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How Children Can Stand Up To A Bully

It's no easy feat, but standing up to a bully can help stop the harmful behaviour rearing its head in schoolyards and on computer screens.

Friday marks National Day of Action Against Bullying and Violence, and counselling service Kids Helpline is calling on bystanders to speak out.

Leo Hede, Kids Helpline counselling centre supervisor, acknowledged this can be difficult -- particularly for children who fear reprisal or may not know how to act.

"Having to stand up to people can be intimidating as a lot of kids are concerned they will become a victim themselves," he told 10 daily.

Image: AAP

In 2018, more than 3500 counselling contacts from children and young people to Kids Helpline were about bullying, with 86 percent related to bullying at school and one quarter involving cyber bullying.

Hede said while focus on cyber-bullying is needed, traditional bullying scenarios in school playgrounds remain the most common form.

New data released by the helpline on Friday found verbal abuse accounted for 24 percent of reported bullying, while 13 percent included exclusion, isolation or spreading rumours.

About six percent of children and young people experienced threats of personal harm and four percent experienced physical aggression or assault.

READ MORE: How Do We Stop Cyber-Bullying In Our Schools? 

READ MORE: Lisa Wilkinson: I Survived The Schoolyard Bullies, But Too Many Aussie Kids Don't

The effects are well-documented, with recent research by online mental health advocacy group ReachOut finding a worrying 16 percent of young people aged 14-25 cope with bullying by turning to illicit drugs or alcohol.

So, what can be done to stop it? One approach is called the 'upstander effect'.

"People often engage in bullying to exert some control over another person. What we're hearing from research is even if one other person stands up against their behaviour, it can take that power away," Hede explained.

Here's how children can learn to respectfully and safely stand up to bullying.

1. Stay Calm and call It Out

If a young person sees bullying taking place at school, Hede warned against defensive behaviour that can, in some cases, worsen the situation.

"We're not suggesting children stop a fight or start calling names back," he said, adding a bully is often seeking such a reaction.

"This is about owning it themselves, alerting the person engaging in the bullying behaviour and saying they don't agree with what they're seeing."

This process should help to interrupt the bullying -- one Hede said also works online.

"Online, it can be much easier to be passive. We encourage people to not only engage or pile on nasty comments on Facebook or Instagram, but to call someone out in a group message, for example," he said.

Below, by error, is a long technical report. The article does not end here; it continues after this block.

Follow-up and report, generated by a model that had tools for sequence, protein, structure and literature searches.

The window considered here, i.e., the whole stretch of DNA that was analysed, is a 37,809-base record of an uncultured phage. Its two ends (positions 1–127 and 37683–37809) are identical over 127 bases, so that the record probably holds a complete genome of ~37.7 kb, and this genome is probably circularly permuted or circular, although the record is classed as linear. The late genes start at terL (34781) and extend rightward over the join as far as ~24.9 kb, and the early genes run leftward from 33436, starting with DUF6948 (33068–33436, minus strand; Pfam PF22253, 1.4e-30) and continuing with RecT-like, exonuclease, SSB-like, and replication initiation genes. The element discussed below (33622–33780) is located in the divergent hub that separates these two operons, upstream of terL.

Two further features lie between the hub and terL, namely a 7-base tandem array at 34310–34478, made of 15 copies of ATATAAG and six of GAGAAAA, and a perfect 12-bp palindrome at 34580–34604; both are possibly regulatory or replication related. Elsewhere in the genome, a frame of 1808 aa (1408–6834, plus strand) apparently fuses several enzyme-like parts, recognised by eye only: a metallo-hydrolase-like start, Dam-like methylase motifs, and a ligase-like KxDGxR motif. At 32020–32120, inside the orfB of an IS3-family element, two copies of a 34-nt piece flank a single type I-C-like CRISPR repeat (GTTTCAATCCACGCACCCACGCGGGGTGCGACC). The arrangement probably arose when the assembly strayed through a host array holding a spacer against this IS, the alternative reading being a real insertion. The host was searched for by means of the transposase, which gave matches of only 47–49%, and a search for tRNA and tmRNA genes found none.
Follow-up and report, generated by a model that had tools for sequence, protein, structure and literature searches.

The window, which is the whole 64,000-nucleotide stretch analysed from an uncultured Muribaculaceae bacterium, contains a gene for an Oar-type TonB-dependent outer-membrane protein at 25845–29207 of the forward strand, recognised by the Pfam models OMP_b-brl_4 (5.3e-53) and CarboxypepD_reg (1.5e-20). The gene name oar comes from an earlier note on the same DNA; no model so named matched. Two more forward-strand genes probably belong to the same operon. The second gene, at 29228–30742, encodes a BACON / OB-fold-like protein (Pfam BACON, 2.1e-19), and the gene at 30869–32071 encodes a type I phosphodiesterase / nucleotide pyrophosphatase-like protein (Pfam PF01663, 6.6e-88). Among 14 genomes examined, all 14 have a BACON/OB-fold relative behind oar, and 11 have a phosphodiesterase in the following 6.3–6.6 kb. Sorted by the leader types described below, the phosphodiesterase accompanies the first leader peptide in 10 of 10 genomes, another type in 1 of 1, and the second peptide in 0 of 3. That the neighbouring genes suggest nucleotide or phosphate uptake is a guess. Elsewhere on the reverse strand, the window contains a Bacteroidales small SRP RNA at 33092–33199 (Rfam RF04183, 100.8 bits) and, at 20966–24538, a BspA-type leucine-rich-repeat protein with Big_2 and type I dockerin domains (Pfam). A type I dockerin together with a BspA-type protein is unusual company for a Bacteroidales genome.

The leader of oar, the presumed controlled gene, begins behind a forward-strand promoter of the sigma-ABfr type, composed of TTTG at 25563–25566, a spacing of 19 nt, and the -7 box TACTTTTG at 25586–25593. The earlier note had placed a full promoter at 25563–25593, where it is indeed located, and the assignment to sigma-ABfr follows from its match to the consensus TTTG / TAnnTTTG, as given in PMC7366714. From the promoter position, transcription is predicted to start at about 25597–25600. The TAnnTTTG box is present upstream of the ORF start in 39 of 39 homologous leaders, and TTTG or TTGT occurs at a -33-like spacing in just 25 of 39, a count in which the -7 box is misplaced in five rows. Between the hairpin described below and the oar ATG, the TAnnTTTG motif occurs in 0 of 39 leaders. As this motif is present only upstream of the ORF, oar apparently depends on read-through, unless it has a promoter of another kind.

The upstander effect can also work online. Image: Getty
2.rEMOVE THE pERSON bEING bULLIED And Offer support

Hede suggested removing the person being bullied from the situation, which often heeds support from a group of friends.

"Often friends calling out their own friend who is doing the bullying is going to have the biggest effect," he said.

He suggested offering a reassuring message to the person being bullied that counters that from the bully.

"Often people who have been bullied feel that they're isolated. Let them know you don't agree with what the bully is saying," he said.

3. Talk To An Adult You Can Trust

The final step is talking with an adult -- something children often fail to do.

"We're working to change the schoolyard culture that speaking to a trusted adult is okay and should be encouraged," he said.

In a school context, where bullying can often continue, he said follow up is key.

Parents, too, are encouraged to maintain open and direct communication with their kids.

"Be open and receptive to hearing what's going on for them -- it might be different to a parent's own experience and that can feel minimising for their child," he said.

"Don't be afraid to ask kids directly whether they're experiencing bullying and let them know you want to work through it together."

Kids Helpline is Australia’s only free confidential 24/7 phone and online counselling service specifically for children and young people aged 5 to 25 years. FREE call 1800 55 1800 or online .  

Schools can invite a counsellor to class to talk about bullying and cyberbullying via the Kids Helpline @ School Wellbeing program. 

Kids Helpline works closely with the Office of the eSafety Commissioner to support children and young people who are experiencing online safety issues. Young people can report cyberbullying online. 

Contact the author ebrancatisano@networkten.com.au